India’s agricultural reforms – fast and slow

Author Mike Nash, Senior Editor, Fertilizers

Indian farm reforms are a curious mix of gung-ho speed and cautious timidity.

In 2014, when Narendra Modi was elected Indian prime minister with a great majority, there was optimism in the global fertilizer market that he might just have the political mandate to start to reform the country’s rather antiquated fertilizer subsidy system. But while Modi’s administration has ushered in some impressive and much-needed reforms in the sector during his tenure, the huge discrepancy between urea and phosphate/potash prices paid by farmers remains unresolved.

The last significant reform was in 2010, when the nutrient-based subsidy (NBS) was introduced — a curiously titled package that actually does anything but encourage balanced fertilizer usage, for the simple reason that urea, India’s most consumed fertilizer, was effectively left out of the system. As my nitrogen editor said to me at the time, “India bottled it” by failing to include urea under the NBS and tackle the old-fashioned way it purchases urea through periodic and global market-distorting, state-sanctioned tenders.

While potash and phosphates were “decontrolled” under the NBS — essentially allowing a modicum of free market pricing, ostensibly capped by a maximum retail price — urea pricing and distribution remain the purview of the government, leading to a wide gap in prices. The Fertiliser Association of India estimates that India subsidises 75pc of the cost of urea, while the subsidy on other fertilizers is 30-35pc.

No wonder that Indian farmers buy more urea than anything else. But this has agricultural and environmental consequences because of an overuse of nitrogen. And it has kept Delhi locked into a cycle of massive subsidy bills too. India typically spends $11bn-12bn/yr just on fertilizer subsidies, with urea accounting for the lion’s share.

The government’s reticence in tackling the nitrogen subsidy issue is understandable. Indian farmers are a large part of the voting population. Just witness the endless rounds of talks currently taking place between Delhi and farmer union officials over proposed agricultural market reforms and plans to liberalise the sector.

Farmers want to repeal three laws passed in parliament in September. The majority of farmers sell crops directly to the government under the minimum support price (MSP) procurement system, but under the new legislation they may have to sell crops at market prices in some instances. Tensions flared after the laws were passed, with protests still under way in Delhi after running throughout December.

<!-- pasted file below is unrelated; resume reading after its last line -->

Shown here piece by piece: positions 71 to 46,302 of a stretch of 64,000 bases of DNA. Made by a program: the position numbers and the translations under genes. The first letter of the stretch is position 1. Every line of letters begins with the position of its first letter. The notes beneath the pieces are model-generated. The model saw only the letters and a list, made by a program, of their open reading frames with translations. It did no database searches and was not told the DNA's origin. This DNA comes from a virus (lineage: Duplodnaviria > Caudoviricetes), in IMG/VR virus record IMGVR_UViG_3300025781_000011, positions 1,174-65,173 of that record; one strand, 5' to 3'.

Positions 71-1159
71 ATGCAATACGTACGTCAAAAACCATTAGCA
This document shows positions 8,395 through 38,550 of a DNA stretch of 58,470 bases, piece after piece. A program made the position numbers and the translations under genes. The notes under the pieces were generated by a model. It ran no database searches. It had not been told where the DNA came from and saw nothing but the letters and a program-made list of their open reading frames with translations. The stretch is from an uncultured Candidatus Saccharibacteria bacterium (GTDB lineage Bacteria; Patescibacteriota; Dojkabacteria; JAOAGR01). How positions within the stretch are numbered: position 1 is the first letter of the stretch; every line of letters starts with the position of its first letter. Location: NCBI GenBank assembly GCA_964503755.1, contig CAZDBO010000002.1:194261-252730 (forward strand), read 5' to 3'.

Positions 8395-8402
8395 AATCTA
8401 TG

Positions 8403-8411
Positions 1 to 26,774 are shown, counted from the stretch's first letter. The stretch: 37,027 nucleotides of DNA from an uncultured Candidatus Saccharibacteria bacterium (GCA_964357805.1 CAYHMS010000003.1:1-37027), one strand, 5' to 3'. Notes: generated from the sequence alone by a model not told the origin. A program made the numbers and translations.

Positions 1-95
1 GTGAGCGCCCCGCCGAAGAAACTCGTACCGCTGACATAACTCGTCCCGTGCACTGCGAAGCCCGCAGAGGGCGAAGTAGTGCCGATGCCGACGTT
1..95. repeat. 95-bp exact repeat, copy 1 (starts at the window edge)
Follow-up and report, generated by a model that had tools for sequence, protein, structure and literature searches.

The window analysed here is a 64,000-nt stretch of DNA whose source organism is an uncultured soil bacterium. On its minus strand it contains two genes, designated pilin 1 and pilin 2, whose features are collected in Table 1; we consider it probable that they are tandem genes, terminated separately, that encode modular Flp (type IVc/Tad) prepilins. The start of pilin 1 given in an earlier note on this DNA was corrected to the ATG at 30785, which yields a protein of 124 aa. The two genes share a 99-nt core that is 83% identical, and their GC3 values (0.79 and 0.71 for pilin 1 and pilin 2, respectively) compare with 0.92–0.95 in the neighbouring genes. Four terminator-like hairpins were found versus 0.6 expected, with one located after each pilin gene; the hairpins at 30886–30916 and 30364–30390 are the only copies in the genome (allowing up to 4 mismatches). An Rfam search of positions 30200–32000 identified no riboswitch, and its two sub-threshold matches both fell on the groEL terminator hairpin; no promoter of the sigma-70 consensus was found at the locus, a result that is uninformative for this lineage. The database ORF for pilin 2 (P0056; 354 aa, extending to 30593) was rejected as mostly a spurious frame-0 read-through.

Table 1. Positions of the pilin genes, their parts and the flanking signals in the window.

Many of India’s farming laws date from the 1950s and 1960s, when India was a very different country. So the government is right to push reform through. But while the sentiment is laudable, the speed at which it has been pushed through parliament has been questioned by opposition parties. Farmers have been brought to the table for at least eight rounds of talks only after the acts have been passed.

The Indian fertilizer sector does a remarkable job of pushing out its wares to farmers in a difficult and complex business environment. Constant delays — of months or even years — in the government’s settlement of the subsidy bill do not help. So the sector needs reform and support.

The first thing the government needs to do is incorporate urea into the decontrolled category of fertilizers, treating it the same as any other. It also needs to allow private-sector companies to import as required, removing the expectation in the market every couple of months that India is about to issue a tender and buy 1mn-2mn t of urea. This sometimes skews market prices ahead of any such tender, and is not an efficient or particularly canny way to buy the stuff.

Thirdly, the subsidy should be paid directly to the farmer rather than distributed through the fertilizer industry itself, which would lessen the huge logistical and administrative burdens on the sector. It would also give farmers the ability to buy the fertilizers that best meet their needs.

The world’s largest democracy is not an easy country to manage — not only because of its size, but also because of its sometimes wildly varied yet competing needs. Reforms have to be made through consensus and consultation. The farming reforms make sense, but they also need to be part of a wider reformation of the entire sector, including fertilizer subsidies that tackle the cost of farmer inputs as well as outputs. Only such an approach will truly set one of the world’s largest fertilizer markets free.

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